The World’s Last Wildernesses Are Disappearing

No shortage of parking space on Namibia's Skeleton Coast. Photo: Tom Heyden

It’s a depressing time for outdoor types. Forest fires in Indonesia have turned skies across Southeast Asia blood red. The populist new Brazilian President has decided it’s time to open up the Amazon to agriculture, mining and “development.” In the Alps, a glacier is in danger of collapsing, and in Iceland, a funeral was held for another. Not content to cover the world’s highest point with trash, we’ve somehow managed to deposit a plastic bag 10,994m down in the Mariana Trench, the world’s deepest point.

So, is anything left untouched? What has become of our planet’s wilderness areas? The dictionary definition of a wilderness is “an uncultivated, uninhabited, and inhospitable region.” Ignoring the more subjective inhospitable tag, I made a plausible list of the world’s wildernesses. Here’s what I came up with:

Antarctica, the Sahara, the Amazon, the Congo, northern Scandinavia, Siberia and large parts of the Russian taiga, the Canadian Arctic, Alaska, the Empty Quarter, the Australian Outback, the Altun mountains and Taklamakan Desert of Xinjiang, Papua New Guinea’s deep jungle and, more tentatively, inland Madagascar, the Okavango Delta and the Pamirs.

But how many of these are actually still wildernesses in 2019?

A moonscape in the high Pamirs, Tajikistan. Photo: Martin Walsh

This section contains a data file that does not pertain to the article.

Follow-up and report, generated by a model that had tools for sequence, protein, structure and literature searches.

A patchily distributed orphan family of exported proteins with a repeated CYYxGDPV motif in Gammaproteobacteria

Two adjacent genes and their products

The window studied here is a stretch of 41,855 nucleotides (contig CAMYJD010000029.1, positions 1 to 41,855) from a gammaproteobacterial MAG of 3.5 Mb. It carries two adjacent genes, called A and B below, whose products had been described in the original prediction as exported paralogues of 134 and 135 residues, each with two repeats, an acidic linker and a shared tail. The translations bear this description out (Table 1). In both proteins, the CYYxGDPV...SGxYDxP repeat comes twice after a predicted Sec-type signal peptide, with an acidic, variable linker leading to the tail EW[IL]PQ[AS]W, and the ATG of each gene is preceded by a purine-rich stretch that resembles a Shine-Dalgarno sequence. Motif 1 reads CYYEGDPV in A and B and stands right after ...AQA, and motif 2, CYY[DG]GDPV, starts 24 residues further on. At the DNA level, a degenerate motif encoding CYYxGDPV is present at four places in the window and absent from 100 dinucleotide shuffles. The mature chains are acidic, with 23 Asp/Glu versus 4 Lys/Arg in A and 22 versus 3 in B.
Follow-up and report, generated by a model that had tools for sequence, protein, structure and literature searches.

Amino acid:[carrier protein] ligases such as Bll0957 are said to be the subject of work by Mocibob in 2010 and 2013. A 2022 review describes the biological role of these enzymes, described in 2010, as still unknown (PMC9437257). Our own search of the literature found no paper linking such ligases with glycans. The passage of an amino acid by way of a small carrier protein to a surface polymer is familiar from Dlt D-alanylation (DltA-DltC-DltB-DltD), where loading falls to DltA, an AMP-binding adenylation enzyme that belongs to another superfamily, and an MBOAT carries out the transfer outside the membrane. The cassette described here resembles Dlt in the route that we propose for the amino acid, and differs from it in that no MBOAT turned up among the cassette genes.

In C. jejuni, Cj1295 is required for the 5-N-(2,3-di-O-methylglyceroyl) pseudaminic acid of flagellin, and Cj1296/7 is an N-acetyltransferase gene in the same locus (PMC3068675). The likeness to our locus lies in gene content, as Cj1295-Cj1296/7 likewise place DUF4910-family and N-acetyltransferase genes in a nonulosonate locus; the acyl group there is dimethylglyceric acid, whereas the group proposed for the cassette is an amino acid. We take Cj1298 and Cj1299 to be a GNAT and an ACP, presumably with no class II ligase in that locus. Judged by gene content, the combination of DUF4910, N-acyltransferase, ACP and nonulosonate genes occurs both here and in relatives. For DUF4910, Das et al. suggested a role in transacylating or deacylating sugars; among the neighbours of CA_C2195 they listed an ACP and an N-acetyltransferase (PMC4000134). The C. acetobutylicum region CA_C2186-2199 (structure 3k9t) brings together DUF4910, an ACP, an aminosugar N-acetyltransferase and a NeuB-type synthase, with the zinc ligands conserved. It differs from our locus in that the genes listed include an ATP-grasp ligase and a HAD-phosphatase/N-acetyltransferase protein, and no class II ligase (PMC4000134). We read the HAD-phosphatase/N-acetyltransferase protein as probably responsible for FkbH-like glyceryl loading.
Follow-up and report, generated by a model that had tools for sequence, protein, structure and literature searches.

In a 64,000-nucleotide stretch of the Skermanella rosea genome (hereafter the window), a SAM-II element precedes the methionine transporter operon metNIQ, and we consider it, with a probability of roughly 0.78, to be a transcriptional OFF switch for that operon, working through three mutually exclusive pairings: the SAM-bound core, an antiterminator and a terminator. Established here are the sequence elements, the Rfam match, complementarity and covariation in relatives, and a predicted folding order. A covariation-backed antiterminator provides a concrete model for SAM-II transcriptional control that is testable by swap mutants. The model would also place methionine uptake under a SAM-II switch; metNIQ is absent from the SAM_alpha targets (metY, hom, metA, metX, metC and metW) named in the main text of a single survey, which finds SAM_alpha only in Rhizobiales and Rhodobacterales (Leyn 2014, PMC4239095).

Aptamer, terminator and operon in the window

Last year, a team from the University of Queensland finished a comprehensive study charting the world’s remaining terrestrial wilderness and intact ocean ecosystems. The results weren’t pretty. Excluding Antarctica, human activity has modified more than 77% of land and 87% of the ocean. The remaining 23% of terrestrial wilderness may not last long. Between 1993 and 2009, a wilderness area larger than India was lost to “human settlement, farming, mining and other pressures.”

Their map is eye-opening. Just five countries hold 70% of the world’s remaining wilderness:

Photo: Nature

Many areas on my impromptu list didn’t make their cut. Those that did are smaller and more fragmented than I imagined. Northern Scandinavia barely registers any more. Countries like Sweden may have low population densities, but much of the land is still managed. Even in the far north, the Sámi people cultivate huge reindeer herds using snowmobiles and even helicopters.